Hydrogen — if you can find it, and you probably can't unless you live in California — can be twice as expensive as gasoline for the same energy content. However, the car will go almost three times as far on the same amount, making the cost per mile much lower. Honda doesn't pretend that a fuel cell-car is ready for prime time. Rather, it hopes to disseminate the 2008 FCX to users who have access to hydrogen. There's a station here in Washington. Two in Las Vegas, a few in the Detroit area, mainly for use by automakers' experimental fleets, a handful in other states. California has 24 and 14 more being planned, according to the California Fuel Cell Partnership. Most are in the Los Angeles-San Diego and San Francisco-Sacramento corridors.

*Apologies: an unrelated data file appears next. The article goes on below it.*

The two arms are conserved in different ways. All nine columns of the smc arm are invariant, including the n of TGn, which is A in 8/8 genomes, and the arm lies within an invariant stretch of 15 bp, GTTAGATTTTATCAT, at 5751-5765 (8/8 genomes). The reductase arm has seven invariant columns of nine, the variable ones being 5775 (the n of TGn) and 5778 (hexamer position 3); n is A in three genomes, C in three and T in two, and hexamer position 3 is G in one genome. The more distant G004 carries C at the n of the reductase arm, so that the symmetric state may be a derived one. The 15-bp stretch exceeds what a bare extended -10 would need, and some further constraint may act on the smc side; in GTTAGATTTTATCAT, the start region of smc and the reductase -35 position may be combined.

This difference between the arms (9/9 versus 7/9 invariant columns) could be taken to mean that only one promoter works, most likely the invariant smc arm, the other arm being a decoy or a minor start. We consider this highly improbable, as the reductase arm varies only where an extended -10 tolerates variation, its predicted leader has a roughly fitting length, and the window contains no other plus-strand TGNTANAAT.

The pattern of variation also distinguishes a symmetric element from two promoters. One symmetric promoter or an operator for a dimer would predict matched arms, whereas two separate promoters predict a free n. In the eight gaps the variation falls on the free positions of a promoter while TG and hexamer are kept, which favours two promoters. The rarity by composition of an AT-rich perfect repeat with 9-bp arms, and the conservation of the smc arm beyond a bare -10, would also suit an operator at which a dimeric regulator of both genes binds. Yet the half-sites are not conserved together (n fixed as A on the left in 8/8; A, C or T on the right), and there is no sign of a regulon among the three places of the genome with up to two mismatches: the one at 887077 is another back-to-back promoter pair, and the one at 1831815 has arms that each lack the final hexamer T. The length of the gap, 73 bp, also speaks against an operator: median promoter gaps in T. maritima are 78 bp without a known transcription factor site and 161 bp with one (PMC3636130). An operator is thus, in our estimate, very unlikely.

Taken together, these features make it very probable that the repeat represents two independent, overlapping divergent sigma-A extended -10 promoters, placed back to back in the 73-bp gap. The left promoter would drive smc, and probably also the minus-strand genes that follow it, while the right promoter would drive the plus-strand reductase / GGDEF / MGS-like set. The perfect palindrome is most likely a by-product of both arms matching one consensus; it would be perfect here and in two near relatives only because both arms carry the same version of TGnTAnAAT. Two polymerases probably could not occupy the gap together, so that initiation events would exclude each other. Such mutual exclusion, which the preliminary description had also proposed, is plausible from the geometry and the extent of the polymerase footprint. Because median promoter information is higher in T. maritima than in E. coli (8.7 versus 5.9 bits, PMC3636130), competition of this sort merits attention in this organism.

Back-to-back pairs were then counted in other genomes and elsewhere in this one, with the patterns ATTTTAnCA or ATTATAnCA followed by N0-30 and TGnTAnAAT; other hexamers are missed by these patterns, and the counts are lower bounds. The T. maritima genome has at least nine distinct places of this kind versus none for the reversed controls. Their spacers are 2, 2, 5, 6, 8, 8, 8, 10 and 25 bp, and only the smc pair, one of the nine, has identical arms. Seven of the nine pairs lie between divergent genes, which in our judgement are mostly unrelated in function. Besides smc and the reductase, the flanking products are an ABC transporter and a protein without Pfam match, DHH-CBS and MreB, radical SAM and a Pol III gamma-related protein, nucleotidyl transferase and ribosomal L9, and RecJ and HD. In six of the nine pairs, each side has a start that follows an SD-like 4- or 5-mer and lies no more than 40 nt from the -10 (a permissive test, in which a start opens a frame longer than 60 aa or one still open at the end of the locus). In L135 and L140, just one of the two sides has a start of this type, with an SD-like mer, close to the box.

Hydrogen is plentiful. But getting it loose to use as fuel isn't easy. Most of it — 95%, says Ben Knight, Honda's vice president for research and development in America — comes from natural gas, the same fuel that heats most U.S. homes. The U.S. has roughly 3% of the world's natural gas, according to the U.S. Energy Information Administration. Big players: Russia (27%), Iran (16%), Qatar (15%).
How much? Honda leases two current-generation FCX cars to individuals for $500 a month. It won't say whether the '08s will be more than that. The '08s are expected to cost Honda about half as much to make as the current models, which nevertheless will be half a million bucks each, or so.